Breaking the news to her friends had been interesting, there wasn't much of a reaction, other than the typical remarks about finding a well-to-do man over there, getting a big diamond and popping out a baby. They never saw each other anymore, least of all her closest friend of the group Heather, they'd met in their late teens clubbing and had slowly grown apart in later years. As everyone but Tilly settled down, married "well", had kids, she'd been the only one not interested in the type of men they'd somehow all chosen. Wealthy, meat heads, who only wanted trophy wives who would take care of them, their kids and their houses. That was not Tilly's idea of a happy life, money or no, she wanted to be free, she wanted the option to pick up and leave with no responsibilities. So at 36, adding the awful work environment and lack-lustre friendships, plus no family to speak of together, it was all she needed to have the courage to finally go and be free.
As time had gotten closer to her leaving she honestly wondered if they would even notice once she was gone, she doubted it, they'd be more concerned with planning their next fancy party, or charity event, to notice that Tilly wasn't there.
They say in order to have good people in your life, you have to make room for them; well Tilly was making 16,950+ kilometers worth of room.
She was ready for Scotland, for a fresh start, for freedom and an adventure. She would leave her workplace that day in a blaze of glory, and be gone before she could talk herself out of it.
Tilly had power dressed for her last day, none of the flowing pretty hair styles she usually wore adorned her head. As the stress had intensified the past few months she'd lost hair and stopped having the energy to take pride in herself the way she used to; all signs she had no longer been able to ignore.
Friday 3:30pm came, her flight to Scotland was at 6:30pm and that gave her 2hrs to get to the airport, check herself in and refresh herself. She'd given her boss a handwritten letter for her 2 weeks notice, which he scoffed at and didn't open, so that same day she'd also emailed it to the HR woman downstairs and cc'd him in, so he couldn't deny she'd done it by the book, she'd get her long service leave pay, and everything else she was entitled to.
She put on her black coat, and took her bag, she'd slowly been emptying her desk over the last week so she could have this moment, without a box to carry on her way out. She'd been to the bathroom to make sure her hair and bright red lipstick was perfect, her hair was pulled straight back into a French bun and she had sunglasses tucked into her coat pocket.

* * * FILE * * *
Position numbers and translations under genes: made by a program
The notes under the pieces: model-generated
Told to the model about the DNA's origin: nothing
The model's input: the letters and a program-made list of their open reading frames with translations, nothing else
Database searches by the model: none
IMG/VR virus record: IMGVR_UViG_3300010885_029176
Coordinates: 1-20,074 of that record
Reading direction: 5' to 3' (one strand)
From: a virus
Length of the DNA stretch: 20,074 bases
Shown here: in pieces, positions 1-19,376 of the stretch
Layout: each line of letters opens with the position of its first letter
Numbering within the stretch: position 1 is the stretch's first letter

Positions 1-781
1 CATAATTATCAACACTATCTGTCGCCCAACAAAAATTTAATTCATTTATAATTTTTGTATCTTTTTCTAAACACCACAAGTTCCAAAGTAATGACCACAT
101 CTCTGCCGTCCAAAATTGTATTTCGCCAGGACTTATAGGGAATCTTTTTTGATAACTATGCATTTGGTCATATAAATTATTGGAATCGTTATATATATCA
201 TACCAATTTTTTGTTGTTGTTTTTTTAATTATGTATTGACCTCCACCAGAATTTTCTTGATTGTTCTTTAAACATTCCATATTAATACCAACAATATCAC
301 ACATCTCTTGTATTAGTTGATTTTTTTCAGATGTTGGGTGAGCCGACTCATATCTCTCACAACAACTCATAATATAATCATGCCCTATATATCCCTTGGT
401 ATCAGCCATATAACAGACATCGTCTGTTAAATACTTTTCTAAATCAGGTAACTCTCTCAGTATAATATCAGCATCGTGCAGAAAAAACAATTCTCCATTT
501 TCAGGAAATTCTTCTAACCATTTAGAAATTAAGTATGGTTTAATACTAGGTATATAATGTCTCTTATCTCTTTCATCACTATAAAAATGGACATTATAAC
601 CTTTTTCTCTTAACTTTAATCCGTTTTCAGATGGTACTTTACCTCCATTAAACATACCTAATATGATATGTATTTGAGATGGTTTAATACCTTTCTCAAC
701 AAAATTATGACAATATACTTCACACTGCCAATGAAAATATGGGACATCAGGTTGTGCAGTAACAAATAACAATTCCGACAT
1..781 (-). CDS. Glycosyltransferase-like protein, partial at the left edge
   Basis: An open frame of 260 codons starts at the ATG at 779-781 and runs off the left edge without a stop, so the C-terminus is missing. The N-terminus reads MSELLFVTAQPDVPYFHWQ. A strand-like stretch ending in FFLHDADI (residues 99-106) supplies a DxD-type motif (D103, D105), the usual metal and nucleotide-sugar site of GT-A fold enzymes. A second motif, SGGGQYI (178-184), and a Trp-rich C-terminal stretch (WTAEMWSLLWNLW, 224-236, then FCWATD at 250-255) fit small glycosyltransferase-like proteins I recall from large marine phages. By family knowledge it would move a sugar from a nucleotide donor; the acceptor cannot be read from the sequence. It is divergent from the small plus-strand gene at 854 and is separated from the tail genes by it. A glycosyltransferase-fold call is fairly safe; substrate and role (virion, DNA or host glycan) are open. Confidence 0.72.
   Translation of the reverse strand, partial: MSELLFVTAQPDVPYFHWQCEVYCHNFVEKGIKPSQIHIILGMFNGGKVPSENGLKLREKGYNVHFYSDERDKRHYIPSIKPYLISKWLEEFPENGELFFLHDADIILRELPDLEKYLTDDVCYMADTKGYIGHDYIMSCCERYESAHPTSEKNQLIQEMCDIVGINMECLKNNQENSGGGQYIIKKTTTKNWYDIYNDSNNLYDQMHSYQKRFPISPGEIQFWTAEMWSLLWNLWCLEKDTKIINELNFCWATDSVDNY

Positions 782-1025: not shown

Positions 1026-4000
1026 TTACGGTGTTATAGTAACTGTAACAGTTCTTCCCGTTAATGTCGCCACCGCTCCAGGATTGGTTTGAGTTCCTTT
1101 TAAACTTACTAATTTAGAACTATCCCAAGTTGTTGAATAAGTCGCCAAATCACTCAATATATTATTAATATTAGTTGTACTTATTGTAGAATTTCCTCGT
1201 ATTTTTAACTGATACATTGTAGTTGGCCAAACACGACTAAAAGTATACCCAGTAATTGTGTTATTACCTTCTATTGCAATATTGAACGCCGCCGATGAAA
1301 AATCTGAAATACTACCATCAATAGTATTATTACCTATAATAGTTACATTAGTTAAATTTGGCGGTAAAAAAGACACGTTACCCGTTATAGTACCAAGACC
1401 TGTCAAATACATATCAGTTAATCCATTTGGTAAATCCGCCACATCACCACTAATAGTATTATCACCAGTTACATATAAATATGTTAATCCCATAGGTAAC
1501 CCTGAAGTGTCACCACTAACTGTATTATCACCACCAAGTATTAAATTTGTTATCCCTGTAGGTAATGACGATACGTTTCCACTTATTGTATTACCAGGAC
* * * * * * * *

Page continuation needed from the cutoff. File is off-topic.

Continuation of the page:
'You can do this, for every woman who can't and most importantly; for yourself' she spoke to her mind the words of courage that she'd repeated countless times now over the last few days, preparing herself for this moment.
She left the bathroom and walked straight to her bosses office, she let herself in and left the doors wide open. He had to excuse himself from a call and sat back in his desk surveying her with a crude look. She left the doors wide open so anyone nearby could hear and make of it what they would, she also did not step too far into the room, so she could make a timely exit.
"Goodbye Jason' she took a wad of folded papers from her purse and dismissively threw them in front of him on the desk, 'these are my emails of notice, to you and HR from 2 weeks ago, in case you'd forgotten today was my last day. Underneath you'll find the report I've filed with The Human Rights Commission in Sydney, against you, for your unsolicited behaviour towards myself. I took the liberty of contacting other women who used to work in this office, to encourage them to make reports too, all of these women left your toxic workplace for the same reasons I'm leaving. At lunch in the staff room today when you put your hand on my backside, and said "nice dress", that was the last time you get to sexually assault me. You are on notice, if you have an issue with this conversation, or my report, take it up with the Human Rights Commission, because I don't work here or live here anymore. You are no longer my problem, I hope that any woman who you remain a problem too knows they too can make a report, and add it to the stack of others the Human Rights Commission now have on you. Good luck with everything" Tilly said, managing the last 4 words without sounding bitter or amused. She slid her black sunglasses on, then turned and left, with her boss looking utterly bewildered and thankfully, speechless.